Fears West Suffolk garden waste changes could cause more frequent subscription hikes
- Credit: Gregg Brown
Concerns have been raised over plans to increase the subscription for garden waste collection in West Suffolk, with fears that homes could be hit with more frequent price hikes.
A joint task group for St Edmundsbury and Forest Heath councils was set up in June to review garden waste collection, which was first introduced in 2016.
Annual fees per household are currently £40 for garden waste to be collected, after an agreement to fix it for three years when it was first introduced, but the review included assessing whether that could be upped to £43 or £45.
St Edmundsbury Borough Council’s scrutiny committee on Wednesday agreed to back proposals to increase the cost to £43 from April next year, with plans to introduce rolling 12 month subscriptions from 2020.
But with annual reviews set to take place going forward, fears were raised that homes could face more frequent cost rises over a period of a handful of years.
Councillor Simon Brown said: “We have now got to explain to residents a hike to £43 and then again to £45 [potentially in future].
You may also want to watch:
“Maybe it would be a better hike in one go.”
The committee heard that at £43 per year instead of £40 the service can break even.
- 1 Flooding leaves main route through town 'impassable'
- 2 Man arrested after car crashes into supermarket sign
- 3 A14 reopens after serious crash leaves road closed for several hours
- 4 New online booking system for Suffolk recycling centres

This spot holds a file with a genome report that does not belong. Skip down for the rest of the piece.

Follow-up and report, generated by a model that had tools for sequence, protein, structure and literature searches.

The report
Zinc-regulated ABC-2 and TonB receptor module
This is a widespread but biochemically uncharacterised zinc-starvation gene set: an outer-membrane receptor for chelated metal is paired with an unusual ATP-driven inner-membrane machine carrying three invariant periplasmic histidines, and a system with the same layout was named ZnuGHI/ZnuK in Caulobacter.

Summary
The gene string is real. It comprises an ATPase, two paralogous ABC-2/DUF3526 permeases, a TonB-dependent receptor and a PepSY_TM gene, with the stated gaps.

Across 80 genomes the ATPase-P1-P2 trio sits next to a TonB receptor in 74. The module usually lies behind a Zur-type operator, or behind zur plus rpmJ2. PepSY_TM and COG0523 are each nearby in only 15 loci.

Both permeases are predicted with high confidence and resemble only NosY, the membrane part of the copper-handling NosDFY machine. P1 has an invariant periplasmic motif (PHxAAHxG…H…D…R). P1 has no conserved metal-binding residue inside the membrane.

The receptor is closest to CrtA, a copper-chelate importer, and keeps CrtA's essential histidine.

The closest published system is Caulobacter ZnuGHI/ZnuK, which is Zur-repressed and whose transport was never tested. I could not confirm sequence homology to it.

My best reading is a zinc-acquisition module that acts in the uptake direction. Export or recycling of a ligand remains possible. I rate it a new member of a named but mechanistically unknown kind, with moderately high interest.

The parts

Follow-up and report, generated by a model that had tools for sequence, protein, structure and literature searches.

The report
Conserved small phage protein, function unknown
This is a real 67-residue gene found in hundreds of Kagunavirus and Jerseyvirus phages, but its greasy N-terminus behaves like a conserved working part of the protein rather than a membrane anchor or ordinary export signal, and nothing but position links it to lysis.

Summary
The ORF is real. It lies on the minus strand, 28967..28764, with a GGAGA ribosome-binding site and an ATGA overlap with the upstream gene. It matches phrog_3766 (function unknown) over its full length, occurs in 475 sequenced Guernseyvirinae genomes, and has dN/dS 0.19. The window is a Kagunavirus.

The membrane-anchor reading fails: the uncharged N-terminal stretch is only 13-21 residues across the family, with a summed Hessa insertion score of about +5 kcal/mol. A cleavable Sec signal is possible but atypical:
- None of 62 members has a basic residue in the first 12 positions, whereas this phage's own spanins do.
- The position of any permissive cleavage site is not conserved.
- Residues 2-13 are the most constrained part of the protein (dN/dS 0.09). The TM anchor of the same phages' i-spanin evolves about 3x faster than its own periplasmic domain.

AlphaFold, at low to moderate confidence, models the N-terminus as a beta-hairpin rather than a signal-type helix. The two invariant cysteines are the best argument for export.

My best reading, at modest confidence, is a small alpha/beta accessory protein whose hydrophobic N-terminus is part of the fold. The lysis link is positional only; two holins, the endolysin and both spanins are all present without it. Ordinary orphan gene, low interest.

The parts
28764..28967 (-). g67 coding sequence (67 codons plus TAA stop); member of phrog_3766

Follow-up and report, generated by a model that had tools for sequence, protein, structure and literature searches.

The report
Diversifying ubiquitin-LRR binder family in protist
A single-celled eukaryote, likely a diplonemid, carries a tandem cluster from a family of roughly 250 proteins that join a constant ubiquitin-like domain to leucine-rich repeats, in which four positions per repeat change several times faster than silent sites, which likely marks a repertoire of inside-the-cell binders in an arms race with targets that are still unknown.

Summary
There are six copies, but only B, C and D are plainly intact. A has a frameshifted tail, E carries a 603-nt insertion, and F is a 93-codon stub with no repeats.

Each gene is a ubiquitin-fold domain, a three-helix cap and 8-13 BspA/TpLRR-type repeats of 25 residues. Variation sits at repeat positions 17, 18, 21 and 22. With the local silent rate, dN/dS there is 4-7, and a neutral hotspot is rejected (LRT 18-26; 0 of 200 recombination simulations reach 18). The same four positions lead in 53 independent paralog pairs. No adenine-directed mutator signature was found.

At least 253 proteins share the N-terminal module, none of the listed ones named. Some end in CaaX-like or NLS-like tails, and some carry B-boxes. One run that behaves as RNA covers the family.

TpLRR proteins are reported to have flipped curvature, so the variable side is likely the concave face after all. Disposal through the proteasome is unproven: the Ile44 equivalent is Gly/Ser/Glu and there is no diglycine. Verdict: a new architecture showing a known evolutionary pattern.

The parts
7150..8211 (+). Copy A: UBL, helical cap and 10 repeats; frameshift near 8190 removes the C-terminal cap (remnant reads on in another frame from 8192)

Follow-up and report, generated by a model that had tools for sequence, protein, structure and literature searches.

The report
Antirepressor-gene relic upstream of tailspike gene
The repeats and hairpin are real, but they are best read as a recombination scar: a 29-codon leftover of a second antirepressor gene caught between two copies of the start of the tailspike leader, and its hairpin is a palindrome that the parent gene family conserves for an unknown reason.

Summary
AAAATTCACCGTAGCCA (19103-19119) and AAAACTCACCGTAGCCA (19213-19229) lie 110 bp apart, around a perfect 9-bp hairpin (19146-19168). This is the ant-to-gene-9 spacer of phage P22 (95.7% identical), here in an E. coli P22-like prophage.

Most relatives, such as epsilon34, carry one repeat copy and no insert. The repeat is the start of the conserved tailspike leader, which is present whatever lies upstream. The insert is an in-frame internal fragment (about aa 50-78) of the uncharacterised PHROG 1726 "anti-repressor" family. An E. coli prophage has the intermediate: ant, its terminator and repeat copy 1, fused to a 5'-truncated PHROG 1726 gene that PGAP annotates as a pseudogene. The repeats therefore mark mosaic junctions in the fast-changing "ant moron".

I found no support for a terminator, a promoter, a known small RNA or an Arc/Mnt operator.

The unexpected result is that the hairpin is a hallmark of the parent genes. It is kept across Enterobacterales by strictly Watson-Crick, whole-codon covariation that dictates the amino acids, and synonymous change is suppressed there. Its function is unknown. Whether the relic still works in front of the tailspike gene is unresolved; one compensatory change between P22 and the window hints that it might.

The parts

- 5 Emotional moment as family decides to cease farming in-hand
- 6 Fuller Flavour: Can we sign Bonne permanently, please?
- 7 Motorcyclist suffers serious injuries in A14 crash
- 8 Winners and Losers: The boss, two commendations, absent friends and remaining winless wonders
- 9 5 roadworks to be aware of in Suffolk this week
- 10 'We are sorry' - Council apologises for letting SEND children in Suffolk down
Around 30,100 homes are currently subscribed for garden waste bins.
Councillor John Burns, who was part of the task group, said: “Primarily the reason behind that was because the cost of the service was not being paid for by the subscription service, and it was agreed those who were using it should pay for it.”
Mr Burns pointed to councils such as Harlow charging £95 annually as proof that Suffolk’s cost was still reasonable.
The committee acknowledged that the public were sensitive to cost increases, but felt it had been justified in allowing the service to cover its costs,.
Forest Heath’s scrutiny committee will consider the proposals on Thursday, with a final decision due on November 27 at the joint shadow cabinet committee for the two councils.
In a joint statement, operations cabinet members David Bowman and Peter Stevens said: “The track record built over the past three years provides valuable evidence for how to meet future challenges and we look forward to considering their recommendations.”